Manga exist in the archival form as big books, but in their most raw form are small chapters or episodes. The original magazines publish one chapter at a time, the collections are a later part of the game. Something is lost in translation, with regards to this process.

    This is why some manga that is popular in Japan dies at the doorstep here in North America. In Japan, these manga cultivate their audience in 15-30 page installments at weekly, bi-weekly or monthly intervals, just like our own domestic comic mainstream. The primary differences are that the audience in Japan is used to reading new series every couple of years and also that the series support one another due to the fact that their initial serialization is bundled together. Even a crappy Shonen Jump manga has the advantage of being packaged with Naruto and Bleach. (Side note, I just realized that my computer recognizes “Naruto” as a real word. No squiggly red line)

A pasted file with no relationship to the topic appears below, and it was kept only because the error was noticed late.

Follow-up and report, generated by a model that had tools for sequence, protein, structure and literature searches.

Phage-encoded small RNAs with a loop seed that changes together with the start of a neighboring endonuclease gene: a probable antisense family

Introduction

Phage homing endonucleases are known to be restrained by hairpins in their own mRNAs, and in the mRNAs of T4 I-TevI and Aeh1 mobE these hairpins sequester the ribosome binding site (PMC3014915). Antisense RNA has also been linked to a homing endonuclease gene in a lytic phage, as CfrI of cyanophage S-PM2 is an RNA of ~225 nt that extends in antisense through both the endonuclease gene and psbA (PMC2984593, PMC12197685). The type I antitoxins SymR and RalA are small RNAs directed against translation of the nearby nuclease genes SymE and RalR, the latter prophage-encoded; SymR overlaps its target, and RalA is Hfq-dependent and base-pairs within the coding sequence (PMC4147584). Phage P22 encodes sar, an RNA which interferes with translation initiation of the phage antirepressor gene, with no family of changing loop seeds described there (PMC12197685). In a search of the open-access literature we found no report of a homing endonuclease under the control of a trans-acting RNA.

Frank,

    My general opinion of serialization is that it beats the pants off of “All-at-once” comics reading. Certainly, collections are a vital aspect of keeping the artform afloat (as well as keeping heavy readers sane, organizationally), but there’s this aspect that sometimes gets lost. For me anyway:

    When I get a big book of comics, I read and read until I’m done and then it’s over. Sure, I can re-read it, but the general instinct is to cover the available ground and then absorb the story. Having done that, the experience is (typically) over.